Safety tips for baby slings
US agency, the Consumer Product Safety Commission(CPSC) has issued a suffocation warning about sling carriers for babies.
The key concerns are:
- Babies under two months have weak neck muscles making it difficult to control their heads. This can result in the sling fabric pressing against a baby’s nose and mouth, blocking the baby’s breathing and rapidly suffocating a baby within a minute or two.
- Slings where baby is in a curled position bending the chin toward the chest can result in restricting baby’s airways and limiting the oxygen supply. The baby will not be able to cry for help and can slowly suffocate.
Top tips on sling carrying safety;
- Check baby can breathe when you place him in the carrier and be active in checking that baby’s airway is open when you are carrying him
- Do not allow baby’s chin to be curled against her chest as it restricts her ability to breathe.
- Make sure you can see your baby’s head and face. Do not allow the the head and face to be covered with fabric, as it can cause him to breathe the same air.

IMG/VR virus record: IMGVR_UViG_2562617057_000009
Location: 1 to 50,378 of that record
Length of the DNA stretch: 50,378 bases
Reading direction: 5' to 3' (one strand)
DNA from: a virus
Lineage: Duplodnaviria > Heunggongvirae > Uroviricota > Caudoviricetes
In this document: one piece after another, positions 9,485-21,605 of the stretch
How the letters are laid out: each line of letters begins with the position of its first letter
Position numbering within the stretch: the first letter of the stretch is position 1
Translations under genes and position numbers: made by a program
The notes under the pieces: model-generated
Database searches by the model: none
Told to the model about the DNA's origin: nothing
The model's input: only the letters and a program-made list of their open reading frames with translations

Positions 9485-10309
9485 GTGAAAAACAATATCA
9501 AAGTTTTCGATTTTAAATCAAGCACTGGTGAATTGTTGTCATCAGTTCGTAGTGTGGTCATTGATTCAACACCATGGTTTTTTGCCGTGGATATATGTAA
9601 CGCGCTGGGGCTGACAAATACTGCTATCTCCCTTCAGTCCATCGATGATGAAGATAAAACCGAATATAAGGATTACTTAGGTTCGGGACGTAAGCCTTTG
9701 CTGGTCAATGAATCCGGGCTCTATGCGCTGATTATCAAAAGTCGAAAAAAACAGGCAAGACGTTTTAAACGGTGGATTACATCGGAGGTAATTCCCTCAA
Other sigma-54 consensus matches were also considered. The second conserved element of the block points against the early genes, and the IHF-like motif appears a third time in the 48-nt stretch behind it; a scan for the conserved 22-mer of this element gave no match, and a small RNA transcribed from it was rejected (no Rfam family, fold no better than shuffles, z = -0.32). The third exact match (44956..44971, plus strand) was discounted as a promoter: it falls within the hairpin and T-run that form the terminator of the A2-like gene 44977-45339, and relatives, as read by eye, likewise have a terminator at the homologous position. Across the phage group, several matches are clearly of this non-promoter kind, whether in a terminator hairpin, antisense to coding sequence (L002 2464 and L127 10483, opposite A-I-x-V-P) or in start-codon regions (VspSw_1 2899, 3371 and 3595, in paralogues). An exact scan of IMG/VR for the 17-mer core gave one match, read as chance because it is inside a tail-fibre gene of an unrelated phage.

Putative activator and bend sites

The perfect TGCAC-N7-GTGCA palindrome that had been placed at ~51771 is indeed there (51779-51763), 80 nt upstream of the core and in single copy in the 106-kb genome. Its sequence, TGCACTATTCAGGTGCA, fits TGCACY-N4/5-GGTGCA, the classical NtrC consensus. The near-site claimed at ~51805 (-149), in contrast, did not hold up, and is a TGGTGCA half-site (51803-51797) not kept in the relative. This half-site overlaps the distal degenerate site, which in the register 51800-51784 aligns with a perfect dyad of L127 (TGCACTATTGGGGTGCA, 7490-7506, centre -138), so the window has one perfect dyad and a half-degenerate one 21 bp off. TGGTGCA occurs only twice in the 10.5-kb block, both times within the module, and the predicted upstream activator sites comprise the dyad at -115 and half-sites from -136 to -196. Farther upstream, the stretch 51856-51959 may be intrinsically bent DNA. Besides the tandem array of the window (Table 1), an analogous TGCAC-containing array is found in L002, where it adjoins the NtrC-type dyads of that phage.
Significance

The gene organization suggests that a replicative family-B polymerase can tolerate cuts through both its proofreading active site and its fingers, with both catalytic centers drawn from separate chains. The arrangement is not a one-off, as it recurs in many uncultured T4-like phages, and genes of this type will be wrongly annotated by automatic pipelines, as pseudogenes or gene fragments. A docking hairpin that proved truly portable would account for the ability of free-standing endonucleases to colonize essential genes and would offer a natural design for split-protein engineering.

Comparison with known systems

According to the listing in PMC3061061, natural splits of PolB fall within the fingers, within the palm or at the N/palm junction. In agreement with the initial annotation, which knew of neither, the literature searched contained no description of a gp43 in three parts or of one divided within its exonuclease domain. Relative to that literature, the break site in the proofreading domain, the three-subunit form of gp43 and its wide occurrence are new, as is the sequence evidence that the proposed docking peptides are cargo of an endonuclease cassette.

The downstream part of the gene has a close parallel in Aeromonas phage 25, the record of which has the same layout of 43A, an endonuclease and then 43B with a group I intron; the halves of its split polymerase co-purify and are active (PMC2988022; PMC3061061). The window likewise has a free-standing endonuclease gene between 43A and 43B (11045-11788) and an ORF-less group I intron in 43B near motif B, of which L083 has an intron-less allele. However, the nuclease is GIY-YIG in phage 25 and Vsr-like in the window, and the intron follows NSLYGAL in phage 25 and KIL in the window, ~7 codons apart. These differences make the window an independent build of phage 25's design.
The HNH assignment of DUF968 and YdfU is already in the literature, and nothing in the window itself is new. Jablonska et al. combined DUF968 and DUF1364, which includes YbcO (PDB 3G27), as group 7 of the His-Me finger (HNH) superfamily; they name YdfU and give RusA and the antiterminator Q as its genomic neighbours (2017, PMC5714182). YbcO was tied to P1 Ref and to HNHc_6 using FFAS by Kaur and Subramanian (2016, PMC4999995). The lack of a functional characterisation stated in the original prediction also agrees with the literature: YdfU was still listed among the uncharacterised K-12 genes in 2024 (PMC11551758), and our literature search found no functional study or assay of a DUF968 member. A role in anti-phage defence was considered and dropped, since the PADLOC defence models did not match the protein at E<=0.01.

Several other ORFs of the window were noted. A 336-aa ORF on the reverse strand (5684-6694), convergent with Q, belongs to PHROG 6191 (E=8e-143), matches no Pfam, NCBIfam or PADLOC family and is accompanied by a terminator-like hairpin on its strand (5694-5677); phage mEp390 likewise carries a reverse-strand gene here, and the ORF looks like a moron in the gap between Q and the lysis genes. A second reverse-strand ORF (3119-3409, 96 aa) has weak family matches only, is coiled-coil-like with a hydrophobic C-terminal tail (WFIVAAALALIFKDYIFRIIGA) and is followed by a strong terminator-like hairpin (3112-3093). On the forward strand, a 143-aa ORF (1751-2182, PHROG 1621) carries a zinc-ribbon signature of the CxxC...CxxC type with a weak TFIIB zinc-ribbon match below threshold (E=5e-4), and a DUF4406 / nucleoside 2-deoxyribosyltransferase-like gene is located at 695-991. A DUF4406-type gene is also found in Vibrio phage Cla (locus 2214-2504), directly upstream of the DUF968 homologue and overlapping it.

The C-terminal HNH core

- Check on your baby frequently when carrying him and make sure he has plenty of airflow.
- Do not run, jump, jog or do any activity that will make your baby shake as this could damage the neck, spine or brain.
- Never use a baby carrier when riding in a car. Soft baby carriers provide none of the protection that car seats provide.
- Use only carriers that are appropriate for your baby’s age and weight. Front packs usually have a weight range of 8 to 20 pounds.
- Inspect your carrier regularly to ensure it is in good working order. Check the fabric, seams, and any buckles or other fasteners. Do this every time you use it to avoid complacency. Don’t use a carrier unless it is structurally sound.
- When using carriers out and about, check that your baby is secure by using reflective surfaces – such as car or store windows – as mirrors, by double checking the baby’s position with your hands, or by enlisting the help of another set of eyes.
- Practice wearing a new sling with a doll and test with baby when you are both well rested. Ask someone to watch as you put baby in, so they can catch baby should they fall. Use a mirror to check baby is safe and any reflective surface (shop window) when out and about with baby.
For more information and guidelines on baby slings and baby wearing see Babywearing Safety: Are Baby Slings Safe.
Photograph: Flickr @ Ben Cumming